Scaling pharmacokinetics to estimate the “first dose in children”: comparing allometric scaling and PBPK
A. Strougo (1,2), T. Eissing (3), S. Willmann (3), A. Yassen (2), M. Danhof (1), J. Freijer (2)
(1) Division of Pharmacology, Leiden/Amsterdam Center for Drug Research, Leiden, The Netherlands, (2) Global Clinical Pharmacology & Exploratory Development, Astellas Pharma Europe, Leiderdorp, The Netherlands, (3) Bayer Technology Services GmbH, Systems Biology and Computational Solutions, Leverkusen, Germany
Introduction: For the estimation of “first dose in children” scaling of the pharmacokinetics (PK) from adults to children is required. Two of the most frequent applied methodologies are physiologically-based pharmacokinetic modeling (PBPK) and allometric scaling in combination with maturation of clearance (CL) for early life. Both methodologies are accepted by regulatory authorities, but it remains unclear if they are interchangeable. This investigation aimed to compare CL predictions when using both methodologies for morphine, paracetamol and various hypothetical drugs with different pharmacokinetic characteristics.
Methods: PK-Sim® was used to create models for more than 100 hypothetical drugs with different PK properties. These pharmacokinetic characteristics were generated by combining different lipophilicities, low, medium and high clearance liver blood flow, liver diffusion and free fractions for compounds being metabolised by either UGT2B7 or UGT1A6/sulfation. Hypothetical drugs with unrealistic PK properties were excluded from the comparisons. The population wrapper in MoBi® was used to scale the PK to both adults and children. The simulated CL in adults was subsequently used to fit a population model using NONMEM 7. Finally, the estimated CL and its respective inter-individual variability were scaled to children using allometry in combination with published maturation functions. In addition, PBPK model predictions for morphine and paracetamol in children were evaluated by comparison with models developed to describe the paediatric PK data.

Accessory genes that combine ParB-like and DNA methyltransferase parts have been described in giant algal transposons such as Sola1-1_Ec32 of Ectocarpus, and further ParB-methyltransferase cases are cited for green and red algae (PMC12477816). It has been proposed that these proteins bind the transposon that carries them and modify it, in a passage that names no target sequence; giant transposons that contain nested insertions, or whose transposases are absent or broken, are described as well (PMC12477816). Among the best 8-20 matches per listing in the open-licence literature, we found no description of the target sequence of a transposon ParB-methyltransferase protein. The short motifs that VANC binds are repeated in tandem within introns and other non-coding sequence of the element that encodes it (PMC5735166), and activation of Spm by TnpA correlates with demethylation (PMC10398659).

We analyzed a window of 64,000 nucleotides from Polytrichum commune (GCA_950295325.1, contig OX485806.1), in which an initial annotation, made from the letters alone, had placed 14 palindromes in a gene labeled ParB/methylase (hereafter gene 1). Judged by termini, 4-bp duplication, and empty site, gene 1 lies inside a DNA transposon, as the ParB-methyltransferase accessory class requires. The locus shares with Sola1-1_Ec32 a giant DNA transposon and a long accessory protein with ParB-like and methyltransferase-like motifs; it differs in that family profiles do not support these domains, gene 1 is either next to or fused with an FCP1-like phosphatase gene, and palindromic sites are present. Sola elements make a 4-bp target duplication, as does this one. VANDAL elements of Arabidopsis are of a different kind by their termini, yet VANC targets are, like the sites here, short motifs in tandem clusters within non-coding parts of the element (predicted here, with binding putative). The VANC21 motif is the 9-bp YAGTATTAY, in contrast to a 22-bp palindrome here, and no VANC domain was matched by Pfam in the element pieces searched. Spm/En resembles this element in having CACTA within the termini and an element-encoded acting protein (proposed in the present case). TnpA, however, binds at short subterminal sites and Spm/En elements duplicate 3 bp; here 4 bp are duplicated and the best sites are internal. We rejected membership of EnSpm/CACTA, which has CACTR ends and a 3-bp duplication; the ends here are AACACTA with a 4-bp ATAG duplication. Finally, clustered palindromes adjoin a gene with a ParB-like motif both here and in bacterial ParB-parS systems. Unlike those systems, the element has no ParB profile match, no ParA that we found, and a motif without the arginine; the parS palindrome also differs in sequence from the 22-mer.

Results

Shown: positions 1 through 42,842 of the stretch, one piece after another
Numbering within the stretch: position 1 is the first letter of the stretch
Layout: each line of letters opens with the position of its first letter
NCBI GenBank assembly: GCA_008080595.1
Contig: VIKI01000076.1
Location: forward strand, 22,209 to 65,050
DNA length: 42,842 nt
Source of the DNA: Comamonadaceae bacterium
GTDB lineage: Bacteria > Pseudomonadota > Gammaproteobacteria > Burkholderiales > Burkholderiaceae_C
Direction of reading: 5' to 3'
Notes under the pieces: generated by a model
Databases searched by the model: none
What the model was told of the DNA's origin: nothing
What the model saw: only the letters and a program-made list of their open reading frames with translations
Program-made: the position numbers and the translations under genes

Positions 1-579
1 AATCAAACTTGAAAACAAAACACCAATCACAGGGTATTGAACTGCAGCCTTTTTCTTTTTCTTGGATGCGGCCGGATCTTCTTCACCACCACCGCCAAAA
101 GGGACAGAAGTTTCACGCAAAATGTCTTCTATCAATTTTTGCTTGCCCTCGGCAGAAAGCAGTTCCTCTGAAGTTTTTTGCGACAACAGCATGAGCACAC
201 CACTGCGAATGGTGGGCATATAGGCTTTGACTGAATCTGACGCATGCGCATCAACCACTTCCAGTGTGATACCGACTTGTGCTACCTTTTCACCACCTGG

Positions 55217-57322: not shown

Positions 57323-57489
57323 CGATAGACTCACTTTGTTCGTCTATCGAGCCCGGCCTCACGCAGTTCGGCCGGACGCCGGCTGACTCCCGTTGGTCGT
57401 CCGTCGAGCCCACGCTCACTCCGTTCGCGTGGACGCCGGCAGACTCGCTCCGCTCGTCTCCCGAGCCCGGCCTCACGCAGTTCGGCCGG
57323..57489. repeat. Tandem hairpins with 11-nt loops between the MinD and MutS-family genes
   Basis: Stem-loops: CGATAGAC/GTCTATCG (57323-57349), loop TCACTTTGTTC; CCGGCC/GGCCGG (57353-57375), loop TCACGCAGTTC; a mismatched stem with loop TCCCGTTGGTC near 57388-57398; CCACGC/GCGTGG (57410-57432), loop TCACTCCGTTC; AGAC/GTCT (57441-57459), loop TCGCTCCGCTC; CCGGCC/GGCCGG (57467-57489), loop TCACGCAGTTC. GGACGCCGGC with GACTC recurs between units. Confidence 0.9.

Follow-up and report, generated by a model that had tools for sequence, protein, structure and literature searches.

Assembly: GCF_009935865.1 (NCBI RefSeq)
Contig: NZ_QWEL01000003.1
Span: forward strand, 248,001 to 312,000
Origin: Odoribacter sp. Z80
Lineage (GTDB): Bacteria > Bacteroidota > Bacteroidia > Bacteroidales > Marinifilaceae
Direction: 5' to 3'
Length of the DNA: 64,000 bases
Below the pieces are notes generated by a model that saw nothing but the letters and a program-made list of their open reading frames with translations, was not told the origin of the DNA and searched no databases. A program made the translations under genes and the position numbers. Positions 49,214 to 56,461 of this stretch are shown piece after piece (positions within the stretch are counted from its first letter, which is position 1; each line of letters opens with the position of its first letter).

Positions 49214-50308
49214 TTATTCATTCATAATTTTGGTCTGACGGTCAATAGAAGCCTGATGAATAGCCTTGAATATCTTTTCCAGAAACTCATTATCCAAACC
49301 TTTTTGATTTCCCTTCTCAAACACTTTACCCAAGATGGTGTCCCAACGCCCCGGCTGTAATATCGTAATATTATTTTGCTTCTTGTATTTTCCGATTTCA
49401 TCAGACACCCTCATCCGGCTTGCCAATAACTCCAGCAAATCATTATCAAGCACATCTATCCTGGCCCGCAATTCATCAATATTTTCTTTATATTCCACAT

Results: In children younger than 1-2 years of age, allometry in combination with published maturation functions yields CL predictions that differ up to a factor 5 from PBPK-based predicted clearance. These differences are related not only to the clearance pathways but also to the extraction ratio of the hypothetical drugs. Evaluation of PBPK predictions for morphine and paracetamol showed that the predicted CL ratios were within a factor two-range and that the respective maturation functions were not always in agreement with the liver enzyme(s) activity.
Conclusion: This investigation provides insights into the physiological meaning of the maturation functions indicating that its use in the scaling of the pharmacokinetics of other drugs requires improvement. Until the current methodologies for scaling PK from adults to children have been extensively validated with paediatric clinical data, methodological uncertainty of the predictions should be considered in the risk-benefit assessment of the “first dose in children”.